The ACRF Child Cancer Liquid Biopsy Program

  • Research Institute: Children's Cancer Institute of Australia

  • Amount granted: $3.5 million

  • Year granted: 2019

A grant of $3.5 Million has been awarded to Children’s Cancer Institute (CCI) in Sydney, NSW. This is the third grant provided from ACRF to the Institute and it will be used to establish The ACRF Child Cancer Liquid Biopsy Program. Each year in Australia over 950 children and adolescents are diagnosed with cancer. This program will focus on those children diagnosed with high-risk cancers.

Currently, children with cancer must endure tumour biopsy– a painful and invasive procedure that provides limited information about the different types of cancer cells in the tumour at a point in time. Although cancer cells in a tumour constantly change, repeated biopsies to monitor tumour progression are not a feasible or ethical option. The ACRF Child Cancer Liquid Biopsy program will address this challenge by developing a more sensitive and much less invasive type of sampling, based on a child’s blood or lymph fluid.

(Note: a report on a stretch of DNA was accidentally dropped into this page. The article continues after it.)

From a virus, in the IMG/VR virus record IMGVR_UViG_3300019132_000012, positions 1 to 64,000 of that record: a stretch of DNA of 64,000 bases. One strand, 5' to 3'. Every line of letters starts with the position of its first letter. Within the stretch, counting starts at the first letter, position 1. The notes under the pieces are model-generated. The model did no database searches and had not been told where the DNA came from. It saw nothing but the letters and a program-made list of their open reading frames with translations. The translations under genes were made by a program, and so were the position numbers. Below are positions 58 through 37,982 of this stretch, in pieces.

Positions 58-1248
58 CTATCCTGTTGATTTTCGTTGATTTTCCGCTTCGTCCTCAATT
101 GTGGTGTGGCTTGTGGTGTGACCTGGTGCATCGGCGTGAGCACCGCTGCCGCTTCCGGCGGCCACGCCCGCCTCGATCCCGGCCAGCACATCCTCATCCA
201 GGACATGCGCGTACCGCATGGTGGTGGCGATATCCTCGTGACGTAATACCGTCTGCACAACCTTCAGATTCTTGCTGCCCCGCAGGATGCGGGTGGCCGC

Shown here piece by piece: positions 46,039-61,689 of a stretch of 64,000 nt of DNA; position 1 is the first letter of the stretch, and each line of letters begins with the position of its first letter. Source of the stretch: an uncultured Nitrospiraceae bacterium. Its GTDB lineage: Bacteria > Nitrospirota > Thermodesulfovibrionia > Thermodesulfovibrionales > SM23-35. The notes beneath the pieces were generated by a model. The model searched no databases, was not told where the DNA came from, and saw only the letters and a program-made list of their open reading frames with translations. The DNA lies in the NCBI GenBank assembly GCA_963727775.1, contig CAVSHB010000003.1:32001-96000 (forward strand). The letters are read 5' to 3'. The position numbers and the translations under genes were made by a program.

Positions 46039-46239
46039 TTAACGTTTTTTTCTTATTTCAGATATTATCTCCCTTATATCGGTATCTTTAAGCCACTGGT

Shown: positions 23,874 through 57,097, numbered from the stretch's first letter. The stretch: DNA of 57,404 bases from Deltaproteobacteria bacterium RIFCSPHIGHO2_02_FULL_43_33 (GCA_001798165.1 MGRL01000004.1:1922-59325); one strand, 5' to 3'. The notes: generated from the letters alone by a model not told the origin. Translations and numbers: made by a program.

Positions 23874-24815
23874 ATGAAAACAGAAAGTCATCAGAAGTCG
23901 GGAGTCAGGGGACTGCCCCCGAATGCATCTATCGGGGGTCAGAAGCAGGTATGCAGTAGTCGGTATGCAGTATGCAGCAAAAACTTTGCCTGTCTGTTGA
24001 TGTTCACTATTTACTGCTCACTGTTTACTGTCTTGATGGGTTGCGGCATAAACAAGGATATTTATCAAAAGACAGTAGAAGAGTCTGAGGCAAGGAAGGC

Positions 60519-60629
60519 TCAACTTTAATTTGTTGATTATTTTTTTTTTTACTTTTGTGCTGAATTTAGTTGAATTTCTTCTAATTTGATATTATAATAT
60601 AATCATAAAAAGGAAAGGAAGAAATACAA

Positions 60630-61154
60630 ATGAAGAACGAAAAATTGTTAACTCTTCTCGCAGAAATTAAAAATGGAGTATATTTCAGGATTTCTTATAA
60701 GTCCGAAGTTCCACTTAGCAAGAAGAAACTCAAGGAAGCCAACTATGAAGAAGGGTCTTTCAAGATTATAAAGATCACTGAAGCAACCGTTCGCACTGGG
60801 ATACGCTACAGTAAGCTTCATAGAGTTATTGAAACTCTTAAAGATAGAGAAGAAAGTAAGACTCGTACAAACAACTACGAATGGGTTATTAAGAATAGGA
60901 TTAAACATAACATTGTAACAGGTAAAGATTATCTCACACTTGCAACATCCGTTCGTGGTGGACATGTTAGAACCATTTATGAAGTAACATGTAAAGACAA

The program will harness the latest technologies to develop a suite of blood tests for childhood cancer patients aimed at improved diagnosis, earlier relapse detection, better monitoring of treatment response and enhanced delivery of the right treatment to the right child at the right time.

Children’s Cancer Institute’s Executive Director, Professor Michelle Haber AM says, “While the advent of personalised therapies is heralding a new era in childhood cancer treatment, the full potential of this approach is limited by remaining challenges in the ability to safely and sensitively monitor disease progression, clonal evolution, tumour heterogeneity, development of resistance and critically, the emergence of new therapeutic vulnerabilities.”

“This significant investment from ACRF to fund the ACRF Liquid Biopsy Program will ultimately enable this capability, such that all high-risk paediatric cancer patients throughout the country will be able to have their therapy optimised by genomic profiling both at the time of initial biopsy, and throughout their cancer journey; providing a clear path to improved patient outcome in the foreseeable future.”